Some of the world’s best known oil companies, including Shell, BP, Statoil and Total, face the humiliation of having a ratings downgrade, the internationally respected ratings agency, Moody’s, has warned.
They are among 175 energy and mining companies whose ratings risk being downgraded due to the plunge in the oil price.
Moody’s ratings review is likely to be finished by the end of the first quarter and if it goes ahead it will be the largest single downgrade since the financial crash, nearly a decade ago.
Of these 175 companies, some 120 oil and gas companies face a downgrade, of which 69 are in the US. In America, some of the iconic names of the oil and gas industry are threatened including Schlumberger, which announced a staggering 10,000 job losses last week and Chesapeake Energy, the second largest producer of natural gas in the US.
According to Moody’s “these reviews reflect a mix of declining prices that are near multi-year lows, weakening demand and a prolonged period of oversupply that will continue to significantly stress the credit profiles of companies in the oil & gas sector.”
And the US shale industry is particularly vulnerable. The ratings agency added: “Multi-notch downgrades are particularly likely among issuers whose activities are centred in North America, where natural gas prices have declined dramatically along with oil prices”.
The proposed ratings downgrade would accelerate the “death dance,” which I warned about at the beginning of the month, as it means that downgrades increase the cost of borrowing, just at the time when the industry is struggling to re-pay its burgeoning debt. Indeed, Moody’s warns that many companies are now seriously struggling to find finance.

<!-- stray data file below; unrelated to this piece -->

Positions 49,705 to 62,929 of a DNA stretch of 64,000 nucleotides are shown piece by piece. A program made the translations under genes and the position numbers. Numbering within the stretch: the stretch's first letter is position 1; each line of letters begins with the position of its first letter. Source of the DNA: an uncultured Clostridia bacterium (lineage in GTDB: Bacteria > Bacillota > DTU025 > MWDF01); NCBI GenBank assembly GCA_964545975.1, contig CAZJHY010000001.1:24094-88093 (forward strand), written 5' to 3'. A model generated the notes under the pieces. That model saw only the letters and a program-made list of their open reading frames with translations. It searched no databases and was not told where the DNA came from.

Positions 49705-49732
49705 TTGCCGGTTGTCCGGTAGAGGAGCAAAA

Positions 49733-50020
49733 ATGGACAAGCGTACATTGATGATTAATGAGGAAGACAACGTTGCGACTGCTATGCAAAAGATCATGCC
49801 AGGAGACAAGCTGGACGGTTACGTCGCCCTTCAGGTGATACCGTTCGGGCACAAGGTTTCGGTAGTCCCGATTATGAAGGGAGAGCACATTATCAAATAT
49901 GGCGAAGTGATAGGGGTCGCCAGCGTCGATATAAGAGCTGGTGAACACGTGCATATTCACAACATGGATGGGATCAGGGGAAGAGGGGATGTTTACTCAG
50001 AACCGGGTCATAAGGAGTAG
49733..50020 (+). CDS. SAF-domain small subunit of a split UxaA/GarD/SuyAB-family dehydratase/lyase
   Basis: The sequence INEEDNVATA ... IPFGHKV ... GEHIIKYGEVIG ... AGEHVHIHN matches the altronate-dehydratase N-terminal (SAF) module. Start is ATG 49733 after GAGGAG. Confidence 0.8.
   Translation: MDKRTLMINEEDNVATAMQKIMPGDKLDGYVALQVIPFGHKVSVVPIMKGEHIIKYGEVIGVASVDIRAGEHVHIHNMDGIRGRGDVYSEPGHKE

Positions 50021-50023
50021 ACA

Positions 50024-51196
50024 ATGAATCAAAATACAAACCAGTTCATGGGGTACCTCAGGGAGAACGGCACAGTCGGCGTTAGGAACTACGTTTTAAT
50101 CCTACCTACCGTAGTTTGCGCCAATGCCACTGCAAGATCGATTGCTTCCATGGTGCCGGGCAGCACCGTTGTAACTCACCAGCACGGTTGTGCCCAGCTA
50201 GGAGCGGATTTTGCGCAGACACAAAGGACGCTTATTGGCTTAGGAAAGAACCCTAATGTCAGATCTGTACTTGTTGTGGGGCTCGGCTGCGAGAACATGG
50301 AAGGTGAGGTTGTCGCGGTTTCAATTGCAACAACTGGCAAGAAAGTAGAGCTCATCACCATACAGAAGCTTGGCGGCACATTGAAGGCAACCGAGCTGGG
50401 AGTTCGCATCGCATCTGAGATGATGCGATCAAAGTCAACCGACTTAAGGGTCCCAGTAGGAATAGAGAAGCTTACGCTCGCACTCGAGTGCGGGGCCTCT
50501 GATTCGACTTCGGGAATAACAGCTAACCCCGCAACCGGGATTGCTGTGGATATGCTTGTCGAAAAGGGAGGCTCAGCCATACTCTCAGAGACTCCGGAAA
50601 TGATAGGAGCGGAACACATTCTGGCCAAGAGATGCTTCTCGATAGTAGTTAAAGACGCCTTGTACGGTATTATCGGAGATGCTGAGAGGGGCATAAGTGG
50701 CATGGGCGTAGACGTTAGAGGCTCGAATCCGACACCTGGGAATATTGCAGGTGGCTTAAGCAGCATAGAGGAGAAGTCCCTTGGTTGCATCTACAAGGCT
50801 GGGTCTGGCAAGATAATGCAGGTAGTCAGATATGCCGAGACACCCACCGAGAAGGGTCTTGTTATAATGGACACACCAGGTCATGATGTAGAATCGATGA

And the bad news keeps on coming. As the FT reports this morning: “The value of debt issued by junk-rated US energy companies has plummeted to the lowest level for more than two decades, sending a warning signal about the outlook for the North American oil industry.”
Bielenis Villanueva Triana, an analyst at Rystad Energy told the paper, that “This year in shale will be very hard.”
But it is not just in the US where the industry is in trouble. Even in mature areas like the North Sea, the plummeting oil price has been blamed for a sharp rise in the number of UK oil and gas companies going bust.
Research by accountancy firm Moore Stephens outlines how last year, 28 oil and gas service firms went bust, up from 18 the year before.
The Head of Restructuring and Insolvency at Moore Stephens, Jeremy Willmont, argues that “The pain caused by the oil price fall has translated into a rising tide of financial distress across the sector.”
And the pain could get even worse: The Royal Bank of Scotland is now predicting oil could go as low as $16 a barrel, whilst Standard Chartered predicts that it could even go as far as $10.